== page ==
How can Conn justify not hiring Tyson Wheeler as its basketball coach?

How fitting, indeed, that Connecticut College's perch, looking down on the rest of the city, continues to offer such geographical symmetry for an institution that continues to act above it all.

Conn's latest dismissive wave came last week with the hiring of someone other than Tyson Wheeler as its new men's basketball coach.

Tyson Wheeler: The most beloved athlete to ever hail from the 06320. The former whiz kid at New London High who grew up practicing the unspoken value of constant effort, relentlessly honing his game at Toby May, with an omnipresent magnetism.

The kid who was never big enough or strong enough but proved that if the dream is big enough, the facts don't count, becoming a Division I player at Rhode Island, leading the Rams within an eyelash of the Final Four.

The kid who played in the NBA and then professionally for years in Europe.

The kid who defied the rhythms of hard-marking New London, remaining a beloved figure here and all over the region, even to opponents on whom he'd rain threes like hailstones. Tyson: Where never was heard a discouraging word.

Now the man who is a husband and dad with Div. I coaching experience at Fairfield, the man who would have given Conn immediate relevance and local context.

Instead, the most beloved athlete in the history of the city is still looking for a job.

He wasn't good enough for Connecticut College.

Conn instead hired Tim Sweeney, who has an impressive resume, with Div. I experience at Davidson and Div. III head coaching experience at Hobart. A solid hire by any fair measure.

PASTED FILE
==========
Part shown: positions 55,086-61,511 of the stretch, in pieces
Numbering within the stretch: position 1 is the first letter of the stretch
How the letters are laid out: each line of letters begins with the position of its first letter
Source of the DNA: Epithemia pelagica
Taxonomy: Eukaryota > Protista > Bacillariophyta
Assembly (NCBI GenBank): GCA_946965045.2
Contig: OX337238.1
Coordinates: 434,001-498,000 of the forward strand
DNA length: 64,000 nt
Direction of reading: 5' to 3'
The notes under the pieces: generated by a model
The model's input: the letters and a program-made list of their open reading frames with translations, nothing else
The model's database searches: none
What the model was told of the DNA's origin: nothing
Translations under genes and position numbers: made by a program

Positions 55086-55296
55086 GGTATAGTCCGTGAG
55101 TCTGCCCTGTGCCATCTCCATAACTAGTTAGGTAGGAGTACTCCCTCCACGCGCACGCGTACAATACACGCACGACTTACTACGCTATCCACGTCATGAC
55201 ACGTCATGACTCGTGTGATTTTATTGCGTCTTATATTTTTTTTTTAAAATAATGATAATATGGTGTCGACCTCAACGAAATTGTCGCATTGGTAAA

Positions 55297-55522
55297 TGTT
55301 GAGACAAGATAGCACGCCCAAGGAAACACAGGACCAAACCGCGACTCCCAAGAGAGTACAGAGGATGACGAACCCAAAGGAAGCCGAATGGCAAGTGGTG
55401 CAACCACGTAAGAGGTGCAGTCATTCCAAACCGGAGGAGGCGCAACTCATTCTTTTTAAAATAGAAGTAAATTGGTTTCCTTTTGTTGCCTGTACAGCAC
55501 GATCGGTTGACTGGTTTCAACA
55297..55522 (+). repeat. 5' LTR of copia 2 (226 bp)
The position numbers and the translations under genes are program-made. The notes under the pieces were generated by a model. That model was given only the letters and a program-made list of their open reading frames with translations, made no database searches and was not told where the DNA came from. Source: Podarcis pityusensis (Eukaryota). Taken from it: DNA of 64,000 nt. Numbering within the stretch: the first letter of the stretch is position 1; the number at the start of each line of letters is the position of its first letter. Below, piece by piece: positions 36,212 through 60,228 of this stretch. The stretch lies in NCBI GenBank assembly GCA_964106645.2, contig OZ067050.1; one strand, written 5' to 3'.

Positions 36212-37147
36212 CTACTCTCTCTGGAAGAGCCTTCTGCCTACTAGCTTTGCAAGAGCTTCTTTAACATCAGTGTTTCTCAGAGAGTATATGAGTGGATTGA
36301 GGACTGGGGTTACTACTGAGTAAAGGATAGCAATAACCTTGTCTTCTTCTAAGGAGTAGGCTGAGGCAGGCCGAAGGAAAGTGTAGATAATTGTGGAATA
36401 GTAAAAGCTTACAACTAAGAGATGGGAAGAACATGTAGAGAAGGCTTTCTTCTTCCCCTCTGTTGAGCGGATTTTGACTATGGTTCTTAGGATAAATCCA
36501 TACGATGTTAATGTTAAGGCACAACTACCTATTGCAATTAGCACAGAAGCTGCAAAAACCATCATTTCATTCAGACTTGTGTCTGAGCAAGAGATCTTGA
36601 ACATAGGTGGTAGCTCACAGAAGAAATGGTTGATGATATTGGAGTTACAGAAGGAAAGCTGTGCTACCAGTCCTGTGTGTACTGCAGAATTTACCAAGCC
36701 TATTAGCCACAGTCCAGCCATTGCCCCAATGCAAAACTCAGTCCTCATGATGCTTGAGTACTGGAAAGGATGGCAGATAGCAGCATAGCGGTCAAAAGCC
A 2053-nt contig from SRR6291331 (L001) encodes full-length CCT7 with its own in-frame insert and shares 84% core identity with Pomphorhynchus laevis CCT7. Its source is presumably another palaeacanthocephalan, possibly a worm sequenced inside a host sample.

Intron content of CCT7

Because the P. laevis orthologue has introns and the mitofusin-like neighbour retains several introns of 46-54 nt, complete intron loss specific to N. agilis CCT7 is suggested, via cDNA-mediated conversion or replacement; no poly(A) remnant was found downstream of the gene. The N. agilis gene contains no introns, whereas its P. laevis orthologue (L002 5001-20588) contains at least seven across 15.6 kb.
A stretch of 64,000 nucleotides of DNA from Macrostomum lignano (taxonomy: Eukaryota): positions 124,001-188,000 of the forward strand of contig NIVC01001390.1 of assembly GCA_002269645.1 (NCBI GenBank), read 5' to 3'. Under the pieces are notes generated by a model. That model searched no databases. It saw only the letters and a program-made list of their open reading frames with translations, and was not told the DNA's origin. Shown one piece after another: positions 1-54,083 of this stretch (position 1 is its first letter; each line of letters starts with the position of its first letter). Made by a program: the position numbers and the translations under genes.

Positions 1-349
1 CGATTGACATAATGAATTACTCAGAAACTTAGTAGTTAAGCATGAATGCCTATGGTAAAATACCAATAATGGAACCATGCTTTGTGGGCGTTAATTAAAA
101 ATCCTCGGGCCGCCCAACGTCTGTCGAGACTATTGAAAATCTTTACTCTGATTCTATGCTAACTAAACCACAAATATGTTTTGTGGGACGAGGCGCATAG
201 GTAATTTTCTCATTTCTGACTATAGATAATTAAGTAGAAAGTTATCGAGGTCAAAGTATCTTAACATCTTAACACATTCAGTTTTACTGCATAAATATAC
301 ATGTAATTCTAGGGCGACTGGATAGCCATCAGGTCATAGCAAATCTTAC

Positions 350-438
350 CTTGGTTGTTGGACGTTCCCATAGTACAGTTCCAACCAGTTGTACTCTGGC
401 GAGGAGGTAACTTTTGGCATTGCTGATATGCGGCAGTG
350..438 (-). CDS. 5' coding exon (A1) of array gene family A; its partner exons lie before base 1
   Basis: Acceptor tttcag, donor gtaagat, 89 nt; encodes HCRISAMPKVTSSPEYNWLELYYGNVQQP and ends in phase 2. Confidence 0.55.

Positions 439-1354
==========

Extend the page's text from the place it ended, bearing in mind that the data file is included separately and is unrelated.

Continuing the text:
Except that this is New London. And this is what Connecticut College officials don't ever seem to understand: Where you are matters. Conn is not some independent educational contractor who happens to share a zip code with the rest of us. It is part of the community.

Yet its arrogance and bewildering tone deafness tugs at its credibility.

Nothing has changed much since the days school officials did nothing to help New London grad Doug Henton, who had the acumen but not the means to attend Conn. Henton's story became a local cause celebre, leading to an inspiring outpouring that eventually covered the final part of the tuition Conn just couldn't help with, not even for a kid from the city.

Think about this: Chris Soto, a local politician at the time who has become a key member on Gov. Lamont's team, conspired with prominent local businessman Mike Buscetto to help Henton's cause. A local philanthropic group, Power of Together, read the story in The Day and illustrated the true power of togetherness, pooling enough monetary resources to make Henton's dreams come true.

There was never a more positive story in this region. Ever. It crossed racial and cultural lines, involved hundreds and hundreds of business leaders and other professionals from several different towns. The essence of community.

And Connecticut College was absent through the process, neither interested nor aware of the positive impact. Even the day Buscetto did a fundraiser at Filomena's and hundreds of people stopped in to give what they could, there was no representation from Conn whatsoever. None.

And nothing has changed.

Conn officials can hyperventilate if they so choose to defend Sweeney's hiring. Again: solid resume. He'll probably do well here — or as well as possible with some of the worst facilities in the New England Small College Athletic Conference. And when he does well, there might even be a few I-told-you-so's forthcoming from the gallery.

Which would, once again, illustrate the place's tone deafness. This is the most beloved athlete in the history of the city you call home. With a professional playing background and Div. I coaching experience. He could provide instant connectivity with the city and region.

And yet Conn practiced the dreaded "going in another direction," completely having lost the light for the way.

Somebody at Connecticut College ought to realize that we cattle down here in the rest of the city have our own brains and insights, too.

Some of us don't think much of your institution right now.

And haven't for quite some time.

This is the opinion of Day sports columnist Mike DiMauro

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